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This article was originally published by the European Council on Foreign Relations (ECFR) on 1 April 2019.
The EU27 are holding together throughout the twists and turns of Brexit. This is simply because it is in their interest to do so
Last month’s Brexit drama was such a compelling view that it even drew Germany football fans away from the Bayern Munich match against Liverpool – to the match playing out in the House of Commons. “Order!” they roared, like the speaker, John Bercow. “Oóórder!!”
This is Brexit for many Europeans: entertainment. It can be much more exciting than football, soap operas, or talk shows.
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This article was originally published by the Foreign Policy Centre on 21 September 2018.
As like-minded partners, sharing many policy traditions, norms and standards the EU and UK have every strategic interest in working together on a values-based foreign policy post-Brexit.
In the ongoing white noise of the Brexit negotiations, we hear very little spoken about UK-EU relations on foreign policy and development assistance. Yet this is an area where the UK and the EU have every interest in working closely together, in a way which recognises the strong alignment of the UK and EU on norms, values and priorities. The UK can work with the EU post-Brexit to ensure its vision remains at the heart of a future relationship, and that the vision remains based on shared values, grounded in human rights, democracy and the rule of law. The UK should also recognise where in the past it has been able to capitalise on its membership to advance its normative vision and seek ways to recreate the relationships that emulate this.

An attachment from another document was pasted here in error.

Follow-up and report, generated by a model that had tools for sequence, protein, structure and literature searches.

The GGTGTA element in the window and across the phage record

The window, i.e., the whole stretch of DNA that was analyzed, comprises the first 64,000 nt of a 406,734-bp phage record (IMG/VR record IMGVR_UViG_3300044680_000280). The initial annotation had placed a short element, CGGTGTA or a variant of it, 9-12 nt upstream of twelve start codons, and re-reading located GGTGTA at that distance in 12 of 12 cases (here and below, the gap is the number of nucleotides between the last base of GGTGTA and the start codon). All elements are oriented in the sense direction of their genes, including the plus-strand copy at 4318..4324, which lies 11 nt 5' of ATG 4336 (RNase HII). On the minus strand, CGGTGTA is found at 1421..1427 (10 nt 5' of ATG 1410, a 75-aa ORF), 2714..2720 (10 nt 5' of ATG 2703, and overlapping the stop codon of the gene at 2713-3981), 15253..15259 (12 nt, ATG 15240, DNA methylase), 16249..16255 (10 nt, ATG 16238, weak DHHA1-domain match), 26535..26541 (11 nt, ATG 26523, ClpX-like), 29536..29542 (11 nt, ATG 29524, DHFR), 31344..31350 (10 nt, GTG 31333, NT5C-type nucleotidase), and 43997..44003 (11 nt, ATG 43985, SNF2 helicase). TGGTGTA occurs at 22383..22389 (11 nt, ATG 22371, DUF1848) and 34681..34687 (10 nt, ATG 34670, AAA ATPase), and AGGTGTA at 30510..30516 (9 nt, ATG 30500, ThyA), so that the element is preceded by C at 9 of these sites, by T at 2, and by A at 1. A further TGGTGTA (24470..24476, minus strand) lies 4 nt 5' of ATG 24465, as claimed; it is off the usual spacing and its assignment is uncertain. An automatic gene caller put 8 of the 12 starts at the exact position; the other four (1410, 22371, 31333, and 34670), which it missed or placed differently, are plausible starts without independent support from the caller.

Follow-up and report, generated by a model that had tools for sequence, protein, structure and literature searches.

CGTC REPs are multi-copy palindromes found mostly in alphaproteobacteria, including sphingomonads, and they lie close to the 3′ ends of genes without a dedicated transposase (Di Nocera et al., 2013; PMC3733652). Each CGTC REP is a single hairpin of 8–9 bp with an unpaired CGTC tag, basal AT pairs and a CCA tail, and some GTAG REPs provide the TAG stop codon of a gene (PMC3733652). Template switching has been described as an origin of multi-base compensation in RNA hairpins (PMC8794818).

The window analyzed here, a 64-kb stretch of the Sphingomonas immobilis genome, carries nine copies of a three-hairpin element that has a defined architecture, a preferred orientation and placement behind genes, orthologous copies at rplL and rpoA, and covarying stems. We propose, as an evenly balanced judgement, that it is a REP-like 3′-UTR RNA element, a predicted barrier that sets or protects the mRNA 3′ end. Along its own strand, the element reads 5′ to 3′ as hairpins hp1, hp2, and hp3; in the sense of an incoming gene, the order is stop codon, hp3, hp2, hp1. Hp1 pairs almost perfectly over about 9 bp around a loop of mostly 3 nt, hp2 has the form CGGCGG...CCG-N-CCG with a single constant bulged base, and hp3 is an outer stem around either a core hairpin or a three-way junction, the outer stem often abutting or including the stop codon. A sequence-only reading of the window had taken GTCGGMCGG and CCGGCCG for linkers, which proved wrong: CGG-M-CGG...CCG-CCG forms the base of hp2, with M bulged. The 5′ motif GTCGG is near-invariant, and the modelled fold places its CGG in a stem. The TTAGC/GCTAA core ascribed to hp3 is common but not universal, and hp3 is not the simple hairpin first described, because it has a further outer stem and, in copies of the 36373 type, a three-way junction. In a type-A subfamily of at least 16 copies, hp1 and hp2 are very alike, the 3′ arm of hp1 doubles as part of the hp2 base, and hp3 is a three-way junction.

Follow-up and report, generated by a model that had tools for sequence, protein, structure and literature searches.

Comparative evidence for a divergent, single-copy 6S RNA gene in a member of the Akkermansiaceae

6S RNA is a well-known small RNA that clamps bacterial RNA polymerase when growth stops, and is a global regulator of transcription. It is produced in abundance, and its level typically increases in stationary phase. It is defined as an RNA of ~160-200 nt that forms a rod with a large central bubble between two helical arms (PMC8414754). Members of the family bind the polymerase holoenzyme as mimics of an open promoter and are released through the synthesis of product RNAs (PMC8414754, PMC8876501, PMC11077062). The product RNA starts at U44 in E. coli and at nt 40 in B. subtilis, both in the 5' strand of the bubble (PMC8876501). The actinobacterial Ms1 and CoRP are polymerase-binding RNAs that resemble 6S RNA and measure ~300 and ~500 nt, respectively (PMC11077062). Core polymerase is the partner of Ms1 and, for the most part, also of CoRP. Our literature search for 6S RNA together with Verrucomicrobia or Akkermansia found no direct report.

This article was originally published by the European Council on Foreign Relations (ECFR) on 25 June 2018.
EU members may not feel they can trust the Brits on defence. But the UK’s past reliability on this front suggests they should.
There is more joy in heaven (or so we are told, on the best available authority) over one sinner who repents than over ninety-nine already-righteous folk. On that basis, fatted calves in the vicinity of Brussels should have been keeping a very low profile as the British, after long years decrying and obstructing European defence integration, have rediscovered an unconditional commitment to Europe’s security, and pressed for the closest possible post-Brexit partnership.
This article was originally published by the Centre for European Policy Studies (CEPS) on 24 April 2018.
What expectations should the EU harbour with respect to Britain’s continued contribution to EU defence activities after Brexit and can the former member state expect special treatment?
With Brexit, the UK will become a ‘third state’ vis-à-vis the European Union. In the defence domain, this means that the UK will no longer take part in EU decision-making or operational (planning) bodies, will not command or be the framework nation of an EU-led force, and any British contribution to an EU operation will be subject to the rules that apply to third countries.
This article was originally published by Carnegie Europe on 22 March 2018.
After Brexit, there is no guarantee that the major powers in NATO and the EU will agree on how to respond to future crises.
At a summit in Brussels on March 22, EU heads of government will issue a statement of solidarity with the United Kingdom following the recent nerve agent attack on double-agent Sergei Skripal in Salisbury. This statement of support follows similar strong declarations by NATO and the EU’s Foreign Affairs Council.